Soundcraft LX7II - 32 Channel Mixer
The hugely successful and popular Soundcraft LX7 console has received an upgrade to the LX7ii — both in terms of audio specification and cosmetics.
The stylish new desk gets its looks from the highly successful and popular MH3 and MH4 touring sound consoles, and includes a new frame, module ID graphics and end-cheeks, making the LX7ii not only easy to use but creating a system that will be the envy of professionals everywhere.
Electronically, the LX7ii gains a new Soundcraft mic-preamp and EQ section, both designed by Soundcraft founder and electronics wizard Graham Blyth. Designated the GB30 Series, the new designs coincide with Soundcraft's 30 year anniversary and the new 4-band EQ with swept mid sections is based on the highly-acclaimed EQ in the new MH3 and MH4 touring consoles.
"The new GB30 mic pre on the LX7ii brings together some of the quality and precision of the mic pre's we use on our biggest touring desk, whilst retaining the cost-sensitivity demanded at this point in the market," reports Blyth in a rare interview. "We’re conscious that we must provide the best possible audio quality at the best price for the customer — we do not allow compromise — and it starts at the mic preamp.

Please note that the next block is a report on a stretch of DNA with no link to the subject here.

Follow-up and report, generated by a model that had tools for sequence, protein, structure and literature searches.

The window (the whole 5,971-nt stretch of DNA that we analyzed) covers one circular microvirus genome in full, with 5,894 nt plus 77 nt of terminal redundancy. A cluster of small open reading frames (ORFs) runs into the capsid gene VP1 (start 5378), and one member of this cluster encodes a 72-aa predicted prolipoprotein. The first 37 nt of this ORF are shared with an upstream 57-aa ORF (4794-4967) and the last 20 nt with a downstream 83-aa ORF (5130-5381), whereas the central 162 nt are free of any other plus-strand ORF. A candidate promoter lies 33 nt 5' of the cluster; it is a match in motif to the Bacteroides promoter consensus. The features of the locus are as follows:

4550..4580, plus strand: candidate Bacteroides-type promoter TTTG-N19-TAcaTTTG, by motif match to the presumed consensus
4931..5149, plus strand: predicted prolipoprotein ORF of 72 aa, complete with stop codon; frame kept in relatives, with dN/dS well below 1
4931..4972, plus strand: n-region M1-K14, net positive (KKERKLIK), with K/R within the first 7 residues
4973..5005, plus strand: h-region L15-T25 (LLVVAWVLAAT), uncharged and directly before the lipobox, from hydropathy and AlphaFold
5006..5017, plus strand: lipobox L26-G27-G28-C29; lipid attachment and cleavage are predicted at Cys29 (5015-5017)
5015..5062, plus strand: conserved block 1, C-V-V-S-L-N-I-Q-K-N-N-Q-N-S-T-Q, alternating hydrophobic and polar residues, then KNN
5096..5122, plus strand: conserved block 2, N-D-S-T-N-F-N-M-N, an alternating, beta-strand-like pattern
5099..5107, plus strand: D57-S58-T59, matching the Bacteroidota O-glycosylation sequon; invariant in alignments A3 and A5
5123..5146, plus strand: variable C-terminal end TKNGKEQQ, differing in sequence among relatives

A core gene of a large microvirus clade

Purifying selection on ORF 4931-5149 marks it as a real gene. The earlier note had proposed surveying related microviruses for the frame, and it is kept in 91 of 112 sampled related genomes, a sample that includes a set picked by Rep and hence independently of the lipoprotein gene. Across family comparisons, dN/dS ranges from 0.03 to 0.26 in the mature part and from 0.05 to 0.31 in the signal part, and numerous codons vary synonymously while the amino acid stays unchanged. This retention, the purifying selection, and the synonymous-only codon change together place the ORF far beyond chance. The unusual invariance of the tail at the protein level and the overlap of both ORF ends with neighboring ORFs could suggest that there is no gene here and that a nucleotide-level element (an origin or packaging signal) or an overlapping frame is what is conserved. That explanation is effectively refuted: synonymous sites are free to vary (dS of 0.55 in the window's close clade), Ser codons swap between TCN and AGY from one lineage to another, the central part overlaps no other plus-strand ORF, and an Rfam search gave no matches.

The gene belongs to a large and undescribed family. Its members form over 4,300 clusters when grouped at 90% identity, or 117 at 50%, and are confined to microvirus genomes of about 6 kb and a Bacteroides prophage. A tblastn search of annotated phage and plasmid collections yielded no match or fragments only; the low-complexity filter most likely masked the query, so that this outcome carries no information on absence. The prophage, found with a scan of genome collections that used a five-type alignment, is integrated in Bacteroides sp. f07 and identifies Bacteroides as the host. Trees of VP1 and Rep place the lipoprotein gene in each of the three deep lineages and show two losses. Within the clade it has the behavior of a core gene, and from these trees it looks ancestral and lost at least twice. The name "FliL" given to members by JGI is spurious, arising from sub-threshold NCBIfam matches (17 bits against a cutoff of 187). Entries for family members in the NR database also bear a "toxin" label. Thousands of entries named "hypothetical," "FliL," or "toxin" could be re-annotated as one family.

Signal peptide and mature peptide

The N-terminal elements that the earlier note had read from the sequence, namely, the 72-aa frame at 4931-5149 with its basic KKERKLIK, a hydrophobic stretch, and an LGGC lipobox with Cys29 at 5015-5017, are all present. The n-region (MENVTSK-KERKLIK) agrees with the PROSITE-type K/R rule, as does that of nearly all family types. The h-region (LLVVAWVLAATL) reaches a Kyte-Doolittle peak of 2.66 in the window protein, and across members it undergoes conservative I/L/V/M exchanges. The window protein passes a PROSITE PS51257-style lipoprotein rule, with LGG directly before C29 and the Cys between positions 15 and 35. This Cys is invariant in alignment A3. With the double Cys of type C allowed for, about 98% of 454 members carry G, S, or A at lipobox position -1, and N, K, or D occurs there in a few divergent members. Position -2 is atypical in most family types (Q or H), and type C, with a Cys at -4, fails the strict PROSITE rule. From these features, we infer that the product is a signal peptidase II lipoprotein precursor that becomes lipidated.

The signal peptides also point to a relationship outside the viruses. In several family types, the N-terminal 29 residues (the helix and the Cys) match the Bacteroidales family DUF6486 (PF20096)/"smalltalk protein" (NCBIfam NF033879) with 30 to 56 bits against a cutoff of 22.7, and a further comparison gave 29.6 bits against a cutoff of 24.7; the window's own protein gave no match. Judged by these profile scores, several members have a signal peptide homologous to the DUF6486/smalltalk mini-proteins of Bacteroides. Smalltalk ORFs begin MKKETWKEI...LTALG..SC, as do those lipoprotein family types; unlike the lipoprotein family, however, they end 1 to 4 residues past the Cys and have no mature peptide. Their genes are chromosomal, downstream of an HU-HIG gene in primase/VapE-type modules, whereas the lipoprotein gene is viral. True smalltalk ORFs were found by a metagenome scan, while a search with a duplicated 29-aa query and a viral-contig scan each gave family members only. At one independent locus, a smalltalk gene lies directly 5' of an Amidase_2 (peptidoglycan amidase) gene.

"The GB30 EQ, owing its heritage to the work we did on the new MH range, gives a steeper than usual slope on the fixed LF and HF sections, removing unwanted mid-frequency 'mush' and delivering a clearer sound. We've a unique, cost-effective design that brings high-end EQ into an affordable mixing console for the first time."
Other standard features of the LX7ii include frame sizes up to 32 mono inputs and four stereo inputs/returns with four groups, main stereo output and a dedicated mono output for centre clusters. There are direct outputs on the first 16 inputs suitable for multitrack recording, and six auxes for flexibility for effects and foldback. The LX7ii mixes to seven outputs – four subgroups, plus the main Left, Right and Centre (Mono) mix outputs.
The LX7ii continues in the tradition of the highly successful original LX7 in its applications in live performance PA, installed systems in churches, theatres and any similar application where a compact sized console needs to provide a large number of inputs and maximum output capability. Both recording and live applications are easily satisfied by the LX7ii.